In accordance with the provisions currently in force in the French armed forces,20 it is the remit of command to evaluate the necessity of using these substances. This evaluation seeks to determine whether the nature of the mission to be carried out and/or the predicted evolution of the conditions of military activity justify the use of pharmacological aids, and takes into account the recovery conditions analysed by the commanding officer. In this, the first stage of the evaluation, command is supported by the health service in the capacity of technical advisor. The procedure is conducted on the level of the unit rather than the soldier-individual, as a function of the mission’s constraints. It culminates in an authorisation decision by Command specifying the nature of the substances that may be used, the categories of personnel and the corresponding activities.
The role of command is therefore limited to a collective evaluation of implementation of the enhancement, informed by the technical advice of the health service. The procedure applicable in the US Air Force is comparable. The wing commander and senior flight surgeon certify that the use of Go pills is appropriate, and that all other fatigue management tools have been considered and will be used to the maximum extent possible.21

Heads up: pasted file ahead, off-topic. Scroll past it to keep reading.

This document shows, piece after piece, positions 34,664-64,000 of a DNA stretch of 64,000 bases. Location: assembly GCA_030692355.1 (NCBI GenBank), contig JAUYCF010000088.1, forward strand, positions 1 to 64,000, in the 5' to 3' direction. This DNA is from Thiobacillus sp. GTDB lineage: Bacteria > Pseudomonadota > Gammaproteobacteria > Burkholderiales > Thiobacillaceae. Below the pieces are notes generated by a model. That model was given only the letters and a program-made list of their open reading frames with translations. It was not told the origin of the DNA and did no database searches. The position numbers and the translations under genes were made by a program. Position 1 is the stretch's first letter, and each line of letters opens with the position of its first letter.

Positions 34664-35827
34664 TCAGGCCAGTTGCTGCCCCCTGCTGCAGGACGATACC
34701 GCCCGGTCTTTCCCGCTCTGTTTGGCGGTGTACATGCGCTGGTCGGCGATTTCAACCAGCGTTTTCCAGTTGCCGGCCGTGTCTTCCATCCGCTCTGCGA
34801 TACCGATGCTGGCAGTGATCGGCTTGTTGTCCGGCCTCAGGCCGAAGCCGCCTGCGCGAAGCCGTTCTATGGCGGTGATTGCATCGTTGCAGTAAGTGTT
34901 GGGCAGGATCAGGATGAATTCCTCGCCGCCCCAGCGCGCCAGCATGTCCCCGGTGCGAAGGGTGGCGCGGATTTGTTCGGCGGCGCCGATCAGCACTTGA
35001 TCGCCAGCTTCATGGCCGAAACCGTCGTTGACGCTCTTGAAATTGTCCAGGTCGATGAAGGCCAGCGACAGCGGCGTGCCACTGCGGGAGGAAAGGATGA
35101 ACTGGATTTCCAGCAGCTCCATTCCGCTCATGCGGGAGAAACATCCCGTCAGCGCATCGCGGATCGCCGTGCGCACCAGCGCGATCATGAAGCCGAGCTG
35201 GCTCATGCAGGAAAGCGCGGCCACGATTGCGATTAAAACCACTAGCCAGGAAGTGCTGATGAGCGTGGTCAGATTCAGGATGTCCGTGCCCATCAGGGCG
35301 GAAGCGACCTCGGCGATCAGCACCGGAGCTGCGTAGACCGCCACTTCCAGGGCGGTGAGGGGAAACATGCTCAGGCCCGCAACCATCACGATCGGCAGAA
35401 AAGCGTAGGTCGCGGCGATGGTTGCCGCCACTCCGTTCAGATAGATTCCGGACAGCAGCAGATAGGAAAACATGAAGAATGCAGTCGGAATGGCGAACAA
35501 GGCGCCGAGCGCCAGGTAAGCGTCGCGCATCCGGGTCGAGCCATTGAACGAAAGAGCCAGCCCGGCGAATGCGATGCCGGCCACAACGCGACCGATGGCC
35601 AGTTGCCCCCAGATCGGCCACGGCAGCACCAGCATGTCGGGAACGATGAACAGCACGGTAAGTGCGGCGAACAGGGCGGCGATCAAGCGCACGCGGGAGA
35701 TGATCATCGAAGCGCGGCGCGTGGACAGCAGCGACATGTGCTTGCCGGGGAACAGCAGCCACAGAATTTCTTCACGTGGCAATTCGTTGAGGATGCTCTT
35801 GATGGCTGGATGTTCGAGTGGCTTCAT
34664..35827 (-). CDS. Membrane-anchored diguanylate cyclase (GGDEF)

In relation to this authorisation, the medical officer will intervene at the level of the individual, according to modalities that are actually very similar to those of conventional medical care. First, to determine the soldier’s fitness for the enhancement by testing for efficacy and tolerance — for aircrew, this testing is always done on land. Second, to prescribe the previously authorised substance in accordance with the usual modalities of a medical prescription, i.e. within the limits of the current body of scientific knowledge and the soldier’s consent. The soldier is free to grant or refuse consent after receiving clear, fair and appropriate information. If consent is refused, the physician then has to provide their opinion on the soldier’s fitness without the enhancement.